Unfortunately this is just a process of how children act, always have been, and always will be. It's part of their learning boundary's and to see what reaction they get from us.

I remember being very hurtful to girls who weren't in my group at school. At the time I felt no remorse, I only thought of myself and how I didn't want them to be a part of my world.

I believe children should be allowed to misbehave a little at home - it's their home - their territory - their safe haven. We all get a little cranky every now and then and if they can't act up at home, where can they be themselves?

Charlie, (Joseph's 4 year old brother) was annoying their new puppy last week. Twice I asked him to stop, in a firm but kind voice and the third time I had to go over and explain to him why lifting the dog like that was hurtful to the dog. When I walked away he came and said to me "You don't get angry at me do you Peggy". I said no Charlie you are a good listener.

Amy said...

i think it does begin at home, but it's also human nature to some extent i think. it's one of those lessons that takes a long time to learn. i'm constantly reminding my DS who is almost 9 to treat others the way he would like to be treated whether they treat him nicely or not. it's a hard concept to grasp at a young age.

MJ said...

The Golden Rule is hard for most of us, young and old. Kids pick things up from all over. K used to say, "You are such an amateur" to N. She got that one from her Madeline videos!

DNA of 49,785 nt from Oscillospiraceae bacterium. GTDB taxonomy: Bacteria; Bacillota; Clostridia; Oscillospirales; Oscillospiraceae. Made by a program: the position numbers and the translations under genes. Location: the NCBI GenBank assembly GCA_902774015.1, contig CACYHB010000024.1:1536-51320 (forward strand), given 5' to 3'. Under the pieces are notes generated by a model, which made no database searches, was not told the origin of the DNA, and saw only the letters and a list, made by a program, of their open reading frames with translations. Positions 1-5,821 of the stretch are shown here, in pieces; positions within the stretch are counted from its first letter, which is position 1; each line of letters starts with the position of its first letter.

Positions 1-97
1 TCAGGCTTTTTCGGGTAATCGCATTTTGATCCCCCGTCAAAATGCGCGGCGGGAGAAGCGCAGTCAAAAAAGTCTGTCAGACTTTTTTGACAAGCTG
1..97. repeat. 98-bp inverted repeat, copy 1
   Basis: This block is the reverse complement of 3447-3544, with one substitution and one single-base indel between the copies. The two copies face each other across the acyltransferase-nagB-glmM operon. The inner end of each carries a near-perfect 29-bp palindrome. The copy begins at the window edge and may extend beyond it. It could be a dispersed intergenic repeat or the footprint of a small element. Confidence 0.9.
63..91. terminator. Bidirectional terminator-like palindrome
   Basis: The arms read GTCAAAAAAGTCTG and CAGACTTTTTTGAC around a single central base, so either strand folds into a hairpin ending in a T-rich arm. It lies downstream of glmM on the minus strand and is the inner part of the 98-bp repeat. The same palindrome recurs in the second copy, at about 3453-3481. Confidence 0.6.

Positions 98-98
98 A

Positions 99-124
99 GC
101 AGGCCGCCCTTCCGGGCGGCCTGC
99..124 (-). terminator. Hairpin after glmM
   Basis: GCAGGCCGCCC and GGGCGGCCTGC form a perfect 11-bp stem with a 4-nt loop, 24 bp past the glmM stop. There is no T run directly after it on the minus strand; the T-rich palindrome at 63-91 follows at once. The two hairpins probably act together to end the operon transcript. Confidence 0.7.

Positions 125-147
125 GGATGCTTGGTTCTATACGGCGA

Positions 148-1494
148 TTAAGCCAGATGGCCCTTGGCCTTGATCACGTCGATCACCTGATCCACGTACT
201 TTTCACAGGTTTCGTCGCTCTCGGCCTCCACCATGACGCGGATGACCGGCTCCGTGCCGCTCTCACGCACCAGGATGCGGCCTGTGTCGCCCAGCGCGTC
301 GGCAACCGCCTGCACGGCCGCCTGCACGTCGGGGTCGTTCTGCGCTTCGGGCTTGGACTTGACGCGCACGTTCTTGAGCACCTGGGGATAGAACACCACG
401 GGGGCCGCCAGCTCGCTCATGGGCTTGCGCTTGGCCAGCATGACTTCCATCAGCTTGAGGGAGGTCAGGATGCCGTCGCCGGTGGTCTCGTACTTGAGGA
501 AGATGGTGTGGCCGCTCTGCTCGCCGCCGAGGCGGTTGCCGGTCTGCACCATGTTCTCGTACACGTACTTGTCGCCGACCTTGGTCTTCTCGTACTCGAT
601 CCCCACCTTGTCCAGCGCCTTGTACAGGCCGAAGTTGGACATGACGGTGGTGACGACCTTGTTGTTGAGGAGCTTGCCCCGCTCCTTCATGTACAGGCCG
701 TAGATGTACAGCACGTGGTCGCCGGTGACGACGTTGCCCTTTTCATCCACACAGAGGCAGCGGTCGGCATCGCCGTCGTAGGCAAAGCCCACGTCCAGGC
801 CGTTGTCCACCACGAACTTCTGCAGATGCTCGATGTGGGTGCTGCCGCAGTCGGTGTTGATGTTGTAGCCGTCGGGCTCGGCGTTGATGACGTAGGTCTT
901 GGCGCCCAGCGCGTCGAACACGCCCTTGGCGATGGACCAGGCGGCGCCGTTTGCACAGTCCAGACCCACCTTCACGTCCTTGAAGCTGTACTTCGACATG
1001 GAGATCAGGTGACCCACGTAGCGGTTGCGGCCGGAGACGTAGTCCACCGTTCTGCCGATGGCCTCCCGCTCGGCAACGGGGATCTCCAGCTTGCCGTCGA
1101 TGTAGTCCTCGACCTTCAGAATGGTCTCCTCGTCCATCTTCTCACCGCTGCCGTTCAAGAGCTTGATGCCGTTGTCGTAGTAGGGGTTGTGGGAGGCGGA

avtcoach said...

Yes, children do learn it early, because they understand before they express. This means they are beginning to comprehend way before they can say those hurtful things. Also, 65% of what we "receive" is from body language and nonverbal so count that in too.
Children begin as early as 3 & 4 to take the point of view of someone else, although primitive, they begin to get it.
That is all to say, our words matter and how we say it matters. We cannot prevent other children from teaching our children about meanness and being a bully but we can use or words to kindly correct. I love how Miruspeg helped Charlie understand.
Great thoughts and post.

Fly Girl said...

You may think this is weird, but I just see it as how our blogging lives mesh into our lives! You and your family visited in a dream last night! Your daughter was actually younger (so was mine). But as you were leaving, the two of us ended up in the car with you. At the end of the driveway I was trying to unload all of the things my daughter managed to bring with her, and it ended up being armfuls! Anyway, it was fun to "see" you! And I guess cleaning out yesterday fits in to the dream, too!

Love your songs AND your header! Can't remember whether I've already complimented you on that!

Happy New Year!
Roban

lma said...

From the stories I hear from my best friend, who teaches middle school, it only gets worse there. And, from my own experience in high school (lo, those many years ago) it didn't get any better there, either.

Oh, and I am old enough to remember the Linkletter version of "Kids Say the Darnedst Things", and it was much better than the Cosby version. There's even a book (probably not in print anymore) from the Linkletter version that was around our house when I was younger. It was really a kick. Wish I still had it.

Elaine